The Pan-American Journal of Ophthalmology

: 2023  |  Volume : 5  |  Issue : 1  |  Page : 18-

Insights into COVID-19 in age-related macular degeneration

Rogil Jose de Almeida Torres 
 Department of Internal Medicine, Medical School, Universidade Estadual Paulista, Botucatu, SP, Brazil

Correspondence Address:
Rogil Jose de Almeida Torres
Rua Emiliano Perneta 390, Conj. 1407, 80420-080 Curitiba, Parana


Studies have shown that age-related macular degeneration (AMD) patients present a poor prognosis in coronavirus disease 2019 (COVID-19). These diseases have completely different etiologies and clinical courses. COVID-19 is a systemic, fast-evolving, and lethal infectious disease. AMD, in turn, is a chronic disease triggered by oxidative stress and is considered the main cause of irreversible blindness in old age. Both COVID-19 and AMD have in common the participation of immunological and inflammatory components arising from the imbalance of the redox state, responsible for the most severe phases of these diseases. Therefore, this study aims to present the triggering pathways of these diseases, as well as analyze the possible molecular mechanisms that increase the severity of COVID-19 in patients with AMD.

How to cite this article:
de Almeida Torres RJ. Insights into COVID-19 in age-related macular degeneration.Pan Am J Ophthalmol 2023;5:18-18

How to cite this URL:
de Almeida Torres RJ. Insights into COVID-19 in age-related macular degeneration. Pan Am J Ophthalmol [serial online] 2023 [cited 2023 Jun 3 ];5:18-18
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A retrospective study that analyzed 6,393 patients with COVID-19 found that 88 patients presented macular degeneration, and among these, the mortality rate was 25%. This mortality rate in patients with AMD was higher than in those with other comorbidities, such as type 2 diabetes mellitus (21%) and obesity (13.8%).[1] Corroborating these findings, a population-based nationwide cohort study in Korea (total n = 135,435) reported that patients with wet AMD (wAMD) were more susceptible to COVID-19, presenting a considerably higher risk of serious clinical outcomes.[2] Coronavirus disease 2019 is caused by Severe Acute Respiratory Syndrome Coronavirus 2 (SARS-CoV-2).[3],[4] It is an infectious disease with high morbidity,[5] and estimated fatality rate between 4% and 7%.[6] Preexisting conditions, such as old age, obesity, smoking, diabetes mellitus, cardiovascular disease, a change in coagulation status, and an impaired complement system, contribute to the development of severe COVID-19.[1],[7],[8],[9] These preexisting conditions that are related to the poor prognosis of COVID-19 are also related to the pathogenesis of AMD, the leading cause of irreversible blindness in old age.[10],[11],[12],[13]

The imbalance of the redox state, a determining factor for the advancement of COVID-19, activates important molecular pathways such as nuclear factor kappa B (NF-κB), receptor for advanced glycation end products (RAGE), and nucleotide-binding oligomerization domain-like receptor containing pyrin domain 3 (NLRP3) inflammasome, in the main effector cells of the innate and adaptive immune system, such as macrophages, monocytes, neutrophils, dendritic cells, natural killer (NK) cells, epithelial and endothelial cells.[14] The activation of these molecular pathways triggers the release of large amounts of pro-inflammatory cytokines and chemokines, such as interleukin (IL)-1 β, IL-2, IL-6, IL-7, IL-10, tumor necrosis alpha (TNF-α), interferon (IFN)-γ, C-C Motif Chemokine Ligand 2 (CCL2), CCL5, chemokine interferon-γ inducible protein 10 kDa (CXCL10), named cytokine storm. It is an acute, rapid and potentially lethal process responsible for acute respiratory distress syndrome.[14],[15],[16],[17],[18],[19]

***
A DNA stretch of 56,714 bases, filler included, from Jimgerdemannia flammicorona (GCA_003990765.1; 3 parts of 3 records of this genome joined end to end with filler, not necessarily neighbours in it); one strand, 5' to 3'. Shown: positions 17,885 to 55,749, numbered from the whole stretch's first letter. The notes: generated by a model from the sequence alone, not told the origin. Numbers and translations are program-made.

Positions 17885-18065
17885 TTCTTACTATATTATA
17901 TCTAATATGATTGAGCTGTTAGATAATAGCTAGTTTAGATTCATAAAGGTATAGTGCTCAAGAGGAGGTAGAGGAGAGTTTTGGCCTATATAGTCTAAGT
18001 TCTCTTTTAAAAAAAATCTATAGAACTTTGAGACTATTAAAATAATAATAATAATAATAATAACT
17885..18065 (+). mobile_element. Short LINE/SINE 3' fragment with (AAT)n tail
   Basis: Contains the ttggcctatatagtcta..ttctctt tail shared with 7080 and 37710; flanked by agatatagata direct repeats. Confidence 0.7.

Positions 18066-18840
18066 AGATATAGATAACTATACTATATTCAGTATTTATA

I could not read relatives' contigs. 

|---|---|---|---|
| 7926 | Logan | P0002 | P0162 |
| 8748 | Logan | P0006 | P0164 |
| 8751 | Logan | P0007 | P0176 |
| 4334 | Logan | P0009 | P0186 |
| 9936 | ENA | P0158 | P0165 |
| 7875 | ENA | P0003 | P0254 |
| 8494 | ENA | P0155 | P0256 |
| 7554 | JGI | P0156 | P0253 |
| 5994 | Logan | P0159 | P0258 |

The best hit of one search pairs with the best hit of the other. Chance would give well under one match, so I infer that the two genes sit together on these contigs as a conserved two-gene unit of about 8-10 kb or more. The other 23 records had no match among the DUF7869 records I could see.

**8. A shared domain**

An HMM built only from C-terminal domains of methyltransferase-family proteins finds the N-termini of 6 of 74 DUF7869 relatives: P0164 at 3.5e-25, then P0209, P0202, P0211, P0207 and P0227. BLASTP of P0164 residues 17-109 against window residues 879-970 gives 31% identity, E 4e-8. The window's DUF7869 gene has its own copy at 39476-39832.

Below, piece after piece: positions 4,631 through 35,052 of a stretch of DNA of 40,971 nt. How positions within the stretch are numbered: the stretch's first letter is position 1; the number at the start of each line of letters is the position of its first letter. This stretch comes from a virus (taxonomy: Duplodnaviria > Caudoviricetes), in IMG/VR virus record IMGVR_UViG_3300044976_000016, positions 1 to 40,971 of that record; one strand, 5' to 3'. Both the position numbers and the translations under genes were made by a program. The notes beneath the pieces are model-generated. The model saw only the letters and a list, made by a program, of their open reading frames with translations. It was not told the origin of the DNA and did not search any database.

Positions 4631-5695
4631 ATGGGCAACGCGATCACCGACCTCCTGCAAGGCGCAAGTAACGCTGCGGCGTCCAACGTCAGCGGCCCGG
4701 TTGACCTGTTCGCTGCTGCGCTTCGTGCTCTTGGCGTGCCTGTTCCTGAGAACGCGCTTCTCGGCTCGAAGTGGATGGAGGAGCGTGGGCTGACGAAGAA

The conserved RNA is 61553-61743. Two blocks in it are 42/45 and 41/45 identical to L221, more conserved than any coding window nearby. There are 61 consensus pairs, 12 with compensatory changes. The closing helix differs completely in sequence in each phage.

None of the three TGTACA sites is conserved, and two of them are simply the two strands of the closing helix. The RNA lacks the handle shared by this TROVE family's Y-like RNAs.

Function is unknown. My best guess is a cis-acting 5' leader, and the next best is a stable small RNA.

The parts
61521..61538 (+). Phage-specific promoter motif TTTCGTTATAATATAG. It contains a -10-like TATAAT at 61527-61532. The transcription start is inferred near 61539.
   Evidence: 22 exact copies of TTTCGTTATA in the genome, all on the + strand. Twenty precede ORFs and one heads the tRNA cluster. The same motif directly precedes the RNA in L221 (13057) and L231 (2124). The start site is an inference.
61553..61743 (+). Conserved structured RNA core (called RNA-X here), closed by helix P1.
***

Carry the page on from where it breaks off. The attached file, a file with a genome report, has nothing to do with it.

In aging eyes, the imbalance of the redox state also activates the same molecular pathways (NF-κB, RAGE, and NLRP3 inflammasome)[20],[21],[22],[23],[24] inducing the slow and gradual release of the same cytokines. The release of pro-inflammatory cytokines causes chronic low-grade inflammation, leading AMD to its most advanced stages of geographic choroidal atrophy and/ or subretinal neovascularization.[25],[26],[27],[28],[29],[30] In this context, it is worth noting that the inflammatory mechanisms that facilitate the development of AMD, such as the aberrant innate immunity, also contribute to the development of severe COVID-19.[27],[30],[31],[32],[33],[34],[35],[36],[37],[38] Studies show that aging, a poor prognostic factor in COVID-19 and the main factor linked to AMD, causes an increase in plasma levels of inflammatory mediators, which may represent the critical point for the increased risk of multimorbidity and mortality in patients with AMD, who have been infected by SARS-CoV-2.[38] The same evolution has been observed in another serious viral disease, the human immunodeficiency virus (HIV), whose plasma levels of the inflammatory biomarkers C-reactive protein (CRP), IL-6, and CXCL10 were elevated in AMD patients and were associated with high mortality. This poor prognosis of HIV in AMD patients was attributed, at least in part, to systemic inflammation.[39]

Considering the worse prognosis of COVID-19 in patients with AMD relative to other serious comorbidities,[1],[2] this study aims to present the triggering pathways of these diseases, as well as analyze the possible molecular mechanisms that increase the severity of COVID-19 in patients with AMD.

 Coronavirus Disease 2019, “The Cytokine Storm”

SARS-CoV-2 is a single-stranded, enveloped RNA virus with the spike glycoprotein that can bind to serine protease, transmembrane serine protease 2 (TMPRSS2), and mainly to the angiotensin-converting enzyme 2 (ACE2) receptor, a master regulator of the renin-angiotensin system, to enter host cells.[40],[41] ACE2 is abundantly found in the type II pneumocytes of the lung alveolar epithelium, gastrointestinal tract, vascular endothelium, and other tissues.[42] This fact may explain the dysfunction of multiple organs and systems observed in its most severe clinical forms.[43],[44] After SARS-CoV-2 infection, reactive oxygen species (ROS) are overproduced as initiators of the toxic innate immune response against viruses.[45] The intense imbalance of the redox state triggers the activation of NF-κB, responsible for the release of IL-6, IL-1 β, TNF-α, and chemokines from immune and nonimmune cells.[14],[15],[46] The oxidative stress, as well as the activation of NF-κB, increases the expression of the NLRP3 inflammasome.[47],[48],[49] NLRP3 inflammasome activation leads to the production of IL-1 β/18, facilitating and perpetuating the formation of cytokine storm (IL-6/8/10/1RA, TNF-α, and CXCL10).[47] Oxidative stress also contributes to the exacerbation of cell hypoxia and can damage mitochondria in overwhelming amounts.[48],[50]